DETROIT -- If financier Carl Icahn acquires Pep Boys for $863 million, it will give a big boost to his aftermarket retail chain Auto Plus, but not so much for another Icahn asset, Federal-Mogul Holdings Corp.
Together, Pep Boys and Auto Plus -- which have 800 stores and 278 locations respectively -- would comprise the fifth-largest retail auto parts chain in the United States, says Brian Sponheimer, a New York-based analyst for Gabelli Asset Management.
Icahn launched his consolidation strategy in June, when he purchased Auto Plus from Canada’s Uni-Select Inc. for $340 million. Auto Plus subsequently acquired a number of stores in Texas, Wisconsin and elsewhere.
Earlier this week, Icahn offered $15.50 per share for the Pep Boys-Manny Moe & Jack, outbidding a pending 15-per-share offer from tiremaker Bridgestone Corp., which has until 5 p.m. ET on Friday afternoon to make a higher bid. Pep Boys said Wednesday that it deemed Icahn's offer to be superior to the Bridgestone bid.
Even with Pep Boys’ stores, Auto Plus would be significantly smaller than rivals Advance Auto Parts Inc., Autozone Inc. and O’Reilly Automotive Inc., Sponheimer says. But it would have a concentration of stores in some regions, and that would allow it to compete.
“Being a retailer is really about store density within geographic locations,” Sponheimer said. “Being big isn’t a good thing if you are spread out and have higher freight costs.”
But what about Federal-Mogul, which has its own aftermarket strategy? Would Pep Boys provide a major new outlet for Federal-Mogul’s 20-plus aftermarket brands? Probably not, Sponheimer says.
That’s because the company’s Motorparts division already supplies Pep Boys and other big retail chains. The Pep Boys acquisition “is an interesting wrinkle, but it shouldn’t mean much for Federal Mogul at all,” Sponheimer said.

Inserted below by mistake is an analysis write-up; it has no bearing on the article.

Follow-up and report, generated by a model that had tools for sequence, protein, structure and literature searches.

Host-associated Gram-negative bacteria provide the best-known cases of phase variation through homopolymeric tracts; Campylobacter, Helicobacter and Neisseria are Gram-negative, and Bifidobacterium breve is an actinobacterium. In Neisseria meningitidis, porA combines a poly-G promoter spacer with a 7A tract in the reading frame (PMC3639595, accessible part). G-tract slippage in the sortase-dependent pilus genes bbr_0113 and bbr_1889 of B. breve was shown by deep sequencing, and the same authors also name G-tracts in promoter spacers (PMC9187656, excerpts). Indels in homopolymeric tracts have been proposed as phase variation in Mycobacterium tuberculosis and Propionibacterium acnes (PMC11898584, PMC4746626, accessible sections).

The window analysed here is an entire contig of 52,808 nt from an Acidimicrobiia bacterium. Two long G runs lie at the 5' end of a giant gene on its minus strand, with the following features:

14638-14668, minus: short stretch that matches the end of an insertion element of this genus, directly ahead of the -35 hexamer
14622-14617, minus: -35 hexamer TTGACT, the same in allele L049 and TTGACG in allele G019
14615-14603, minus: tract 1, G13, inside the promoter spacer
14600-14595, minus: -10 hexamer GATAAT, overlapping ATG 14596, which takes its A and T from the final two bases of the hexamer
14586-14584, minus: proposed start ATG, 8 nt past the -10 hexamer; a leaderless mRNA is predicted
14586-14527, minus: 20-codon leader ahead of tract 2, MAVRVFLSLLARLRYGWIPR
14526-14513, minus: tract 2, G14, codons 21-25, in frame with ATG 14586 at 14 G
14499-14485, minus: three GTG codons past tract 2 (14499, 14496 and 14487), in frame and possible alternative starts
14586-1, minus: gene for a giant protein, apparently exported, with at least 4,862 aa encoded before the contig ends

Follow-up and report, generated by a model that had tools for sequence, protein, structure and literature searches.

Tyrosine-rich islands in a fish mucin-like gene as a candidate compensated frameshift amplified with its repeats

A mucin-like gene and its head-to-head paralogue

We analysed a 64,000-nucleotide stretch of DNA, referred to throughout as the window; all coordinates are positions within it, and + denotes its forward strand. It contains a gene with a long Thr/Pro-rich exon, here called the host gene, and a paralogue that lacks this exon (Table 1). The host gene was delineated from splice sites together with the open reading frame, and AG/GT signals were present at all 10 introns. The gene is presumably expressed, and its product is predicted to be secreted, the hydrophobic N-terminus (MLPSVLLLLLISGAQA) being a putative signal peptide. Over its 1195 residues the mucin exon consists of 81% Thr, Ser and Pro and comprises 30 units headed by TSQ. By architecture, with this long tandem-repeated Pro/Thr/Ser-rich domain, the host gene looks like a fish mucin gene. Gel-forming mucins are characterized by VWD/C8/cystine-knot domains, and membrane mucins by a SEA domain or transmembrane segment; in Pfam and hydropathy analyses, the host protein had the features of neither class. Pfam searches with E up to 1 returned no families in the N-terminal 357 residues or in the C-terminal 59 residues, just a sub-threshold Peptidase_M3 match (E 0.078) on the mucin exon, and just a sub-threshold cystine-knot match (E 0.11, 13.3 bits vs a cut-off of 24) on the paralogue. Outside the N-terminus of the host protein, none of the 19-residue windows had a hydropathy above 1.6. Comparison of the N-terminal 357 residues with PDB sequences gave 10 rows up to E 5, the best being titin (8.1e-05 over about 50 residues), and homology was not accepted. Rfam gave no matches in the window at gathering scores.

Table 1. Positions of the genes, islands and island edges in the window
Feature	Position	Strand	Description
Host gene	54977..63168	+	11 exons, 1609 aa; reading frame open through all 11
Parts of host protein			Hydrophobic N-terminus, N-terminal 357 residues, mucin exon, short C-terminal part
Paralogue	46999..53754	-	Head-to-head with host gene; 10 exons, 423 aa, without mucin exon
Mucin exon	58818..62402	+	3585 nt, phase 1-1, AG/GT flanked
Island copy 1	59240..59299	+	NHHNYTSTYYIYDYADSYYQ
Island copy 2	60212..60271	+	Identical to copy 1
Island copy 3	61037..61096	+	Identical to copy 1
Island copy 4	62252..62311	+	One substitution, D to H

That’s not to say that Federal Mogul’s Motorparts division -- which generates roughly half of the company’s overall revenue -- has no expansion plans of its own. Since Federal-Mogul emerged from Chapter 11 bankruptcy proceedings in 2008, its Powertrain division, which produces pistons, engine bearings and other components, has struggled to make a profit.
So the company has taken steps to expand its aftermarket Motorparts division. After Daniel Ninivaggi was named CEO of Motorparts last year, he announced plans to add filters, belts, hoses and other components to his product lineup.
He also launched a service called “Garage Gurus,” which provides training and repair tips to service technicians. While it’s too early to judge its success, the initiative makes sense, says Bret Jordan, a Boston-based analyst for the brokerage firm Jefferies LLC.
That’s because newer vehicles -- with their arrays of sophisticated computer chips, sensors and components -- have gotten too complex for car owners who want to make their own repairs.
Only 5 percent of do-it-yourselfers are younger than 30 years old, Jordan said. “The average do-it-yourselfer is an older man, as opposed to a young millennial. You are seeing a long-term shift to professional service technicians.”
Indeed, the Auto Care Association has estimated that auto repairs by professional mechanics accounted for sales of $91 billion last year, nearly twice the $49 billion revenues generated by do-it-yourself segment.
So will Motorparts get its share of the expanding market for professional repairs? “It’s a little early in the process” to draw conclusions, Sponheimer said. Stay tuned.
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